Tuesday, August 05, 2008

A Dark Knight in Gotham Part III: City, System, Character

WARNING: more spoilers, and also considerably more random and rambling than the previous two posts on this film.

At the outset of The Dark Knight, we flash from an enigmatic burning texture to an elevated agoraphobic helicopter shot, descending into the city through the rooftop of a mob bank. This is one of the most sweeping, open shots of Gotham we're going to get in Nolan's film. Through the course of the story, we will explore the pits and tunnels of Gotham’s urban wasteland, and ultimately, in the final scene of the film, Batman will emerge from these tunnels into daylight. Here, in the finale, he is exposing himself and leaving his native element, shedding the shadows for the harsh light of public ridicule. This formal device -- beginning the film with an entrance into Gotham, and then ending it with the exit from beneath the streets -- goes a long way toward showing how critical this urban landscape is to Christopher Nolan's vision, and how integral the city is to the characters who inhabit it.

So I guess I lied in that last post. Gotham isn't only shown from beneath in The Dark Knight. Like so many critical assertions, this one buckles under scrutiny, and I have to account for a few key scenes where Gotham is envisioned from above, rather than from below. One of these is the final showdown with the Joker, which takes place in a skyscraper overlooking the harbor. This scene may be elevated, but it's still labyrinthine and tangled in shadows, and almost subterranean in this way. Whereas Tokyo involved bright sunlight, flight, and lots of exterior shots, the skyscraper showdown in Gotham was played out on the ground and in the construction rubble between floors, and the height never seemed to matter much.

The other elevated scenes in Gotham were rather different. These are not Batman's territory... we only see Gotham from above, in open spaces and bright lights, when we're watching Bruce Wayne, looking unresolved and anxious from his penthouse windows. The scenes where Bruce is most himself, in all his tortured uncertainty, are the ones at the tops of buildings, in open spaces and bright lights. Such is the scene where he is escorted by two women into his apartment, such is his helpless moment in an apartment building overlooking the Commissioner's funeral... and such is the long pause where he overlooks Gotham through his penthouse windows and ponders love and responsibility.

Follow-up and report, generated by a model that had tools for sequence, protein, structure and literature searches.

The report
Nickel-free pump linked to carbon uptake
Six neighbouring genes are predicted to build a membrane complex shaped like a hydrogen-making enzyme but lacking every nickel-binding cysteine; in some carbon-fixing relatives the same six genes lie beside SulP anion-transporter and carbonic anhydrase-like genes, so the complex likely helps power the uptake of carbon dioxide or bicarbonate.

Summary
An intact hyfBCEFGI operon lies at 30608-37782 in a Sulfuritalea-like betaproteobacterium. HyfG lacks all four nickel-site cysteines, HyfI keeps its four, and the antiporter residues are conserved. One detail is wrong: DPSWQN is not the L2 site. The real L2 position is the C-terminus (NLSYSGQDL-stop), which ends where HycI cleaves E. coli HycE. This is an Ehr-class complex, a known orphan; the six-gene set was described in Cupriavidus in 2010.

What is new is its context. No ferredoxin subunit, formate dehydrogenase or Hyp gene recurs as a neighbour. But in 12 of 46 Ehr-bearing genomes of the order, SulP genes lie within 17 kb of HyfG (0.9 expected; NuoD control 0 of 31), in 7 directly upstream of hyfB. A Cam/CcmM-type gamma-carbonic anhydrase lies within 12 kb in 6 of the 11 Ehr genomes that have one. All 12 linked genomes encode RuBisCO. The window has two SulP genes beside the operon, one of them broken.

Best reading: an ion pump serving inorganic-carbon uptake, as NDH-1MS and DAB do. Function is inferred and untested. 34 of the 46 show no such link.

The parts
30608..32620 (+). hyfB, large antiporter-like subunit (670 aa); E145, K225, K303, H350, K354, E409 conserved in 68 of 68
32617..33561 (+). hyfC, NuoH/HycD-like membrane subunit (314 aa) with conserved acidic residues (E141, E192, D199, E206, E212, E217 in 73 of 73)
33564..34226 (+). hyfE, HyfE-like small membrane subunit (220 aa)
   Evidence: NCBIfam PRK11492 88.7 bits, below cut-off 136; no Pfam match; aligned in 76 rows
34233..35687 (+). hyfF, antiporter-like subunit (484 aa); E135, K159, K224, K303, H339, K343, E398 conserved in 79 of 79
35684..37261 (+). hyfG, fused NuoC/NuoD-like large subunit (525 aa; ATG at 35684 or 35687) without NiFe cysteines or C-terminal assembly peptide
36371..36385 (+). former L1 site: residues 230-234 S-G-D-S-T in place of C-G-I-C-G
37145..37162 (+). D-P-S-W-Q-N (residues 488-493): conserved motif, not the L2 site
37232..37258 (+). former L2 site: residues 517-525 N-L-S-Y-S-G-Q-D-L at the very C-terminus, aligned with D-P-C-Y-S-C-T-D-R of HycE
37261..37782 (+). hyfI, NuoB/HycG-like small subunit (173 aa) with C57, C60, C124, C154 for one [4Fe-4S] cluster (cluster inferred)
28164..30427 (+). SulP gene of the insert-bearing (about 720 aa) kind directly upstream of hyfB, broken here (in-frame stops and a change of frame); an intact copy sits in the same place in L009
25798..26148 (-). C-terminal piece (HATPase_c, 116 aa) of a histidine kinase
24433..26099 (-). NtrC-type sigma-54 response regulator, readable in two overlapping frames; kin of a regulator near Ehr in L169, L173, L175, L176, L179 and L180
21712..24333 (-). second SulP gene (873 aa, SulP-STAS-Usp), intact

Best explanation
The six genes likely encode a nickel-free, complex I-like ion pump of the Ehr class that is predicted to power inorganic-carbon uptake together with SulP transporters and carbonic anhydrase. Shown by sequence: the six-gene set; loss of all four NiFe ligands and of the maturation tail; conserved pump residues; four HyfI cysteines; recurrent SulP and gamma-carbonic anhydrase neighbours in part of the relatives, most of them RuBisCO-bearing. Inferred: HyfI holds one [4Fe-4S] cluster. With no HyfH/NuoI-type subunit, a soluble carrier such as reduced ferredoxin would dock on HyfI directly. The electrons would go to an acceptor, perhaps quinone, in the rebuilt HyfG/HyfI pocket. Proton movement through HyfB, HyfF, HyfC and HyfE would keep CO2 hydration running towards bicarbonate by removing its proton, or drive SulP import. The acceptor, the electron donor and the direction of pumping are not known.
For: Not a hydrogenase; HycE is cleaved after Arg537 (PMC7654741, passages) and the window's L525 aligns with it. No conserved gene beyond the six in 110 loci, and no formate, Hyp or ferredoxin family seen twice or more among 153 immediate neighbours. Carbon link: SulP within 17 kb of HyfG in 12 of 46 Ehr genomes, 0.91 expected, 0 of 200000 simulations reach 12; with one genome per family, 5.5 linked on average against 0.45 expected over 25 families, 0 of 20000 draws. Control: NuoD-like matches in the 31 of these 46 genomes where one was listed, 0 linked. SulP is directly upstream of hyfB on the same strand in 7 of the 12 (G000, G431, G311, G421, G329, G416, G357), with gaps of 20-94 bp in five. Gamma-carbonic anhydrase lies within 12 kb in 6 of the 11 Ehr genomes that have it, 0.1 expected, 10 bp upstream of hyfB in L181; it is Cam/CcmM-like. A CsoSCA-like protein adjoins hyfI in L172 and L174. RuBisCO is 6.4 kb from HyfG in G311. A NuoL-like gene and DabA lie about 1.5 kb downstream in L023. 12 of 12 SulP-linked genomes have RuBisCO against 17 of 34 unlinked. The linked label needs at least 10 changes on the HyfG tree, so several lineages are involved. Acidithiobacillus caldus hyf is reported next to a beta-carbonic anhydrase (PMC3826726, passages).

The difference between Gotham from above and Gotham from within is an apt analogy for the difference between Bruce Wayne as an alienated playboy, kept at a distance from the world he cares so much about, and Batman as the bad temper lurking in the back alleys of the urban environment. The fragmented setting foregrounds the main character’s fragmented existence, his need -- as Gotham’s self-proclaimed adjudicator -- to have both a wide perspective in framing the law, and a strong fist for enforcing it.

Of course, Gotham isn't simply an analogy for Batman's struggle to uphold the law. It’s also the keystone at the heart of this struggle, and as such, it has a pronounced role in the battle between Batman and The Joker.

By the middle of the film, The Joker begins to foresee that he and Batman will become locked in struggle that can’t be resolved. The Joker calls himself and Batman "an unstoppable force hitting an immovable object," and this observation demonstrates his intuitive understanding of the eternal struggle between them. In fact, by the time he utters this line, The Joker no longer even cares to kill Batman, even going so far as to protect his adversary's identity. In the interrogation room, when The Joker informs Batman that he depends upon him to be his foil and his mortal foe, the dynamic of their relationship changes immensely.

Okay, so Batman refuses to kill the Joker, and the Joker has decided not to kill Batman. They're not technically "mortal" enemies any longer... what's left for them to fight over? When two opposing forces reach equilibrium, a third element needs to complete the system and mediate between them, and in Nolan's The Dark Knight, this third element is Gotham itself. The Joker wants to rule Gotham’s streets, and as his social engineering games attest, he also wants to rule its soul and its psychology. Batman’s sworn role -- to protect Gotham's citizens from crime -- implies a pledge of loyalty to Gotham, and a pledge of faith in its humanity. When their conflict can no longer be resolved directly through death or defeat, The Joker and Batman turn Gotham into the rope in their tug of war.

Batman's writers don’t always make this three-part "eternal struggle" structure explicit, but we all understand it intuitively, as part of our knowledge of Batman himself. As long as the Dark Knight is out there, he needs the Joker as his essential adversary, and these two personalities need a system within which to carry out their exchanges. This system is Gotham, and it will always be Gotham... just as they fight over order, and hope, and humanity within the city limits, so Batman and The Joker are also permanent features of Gotham’s landscape. They could never join Spiderman in New York. They just wouldn't work here, in these provincial neighborhoods -- and could Gotham City ever exist without Batman and the Joker wrestling over it?

Christopher Nolan captured something about Batman and the Joker that could have slipped by another director, but that’s indispensable to the mythology that he was building upon. He built not two, but three strong personalities -- Batman, the Joker, and Gotham City -- and by leveraging these personalities, he did due justice to the legend of the Dark Knight.

No comments: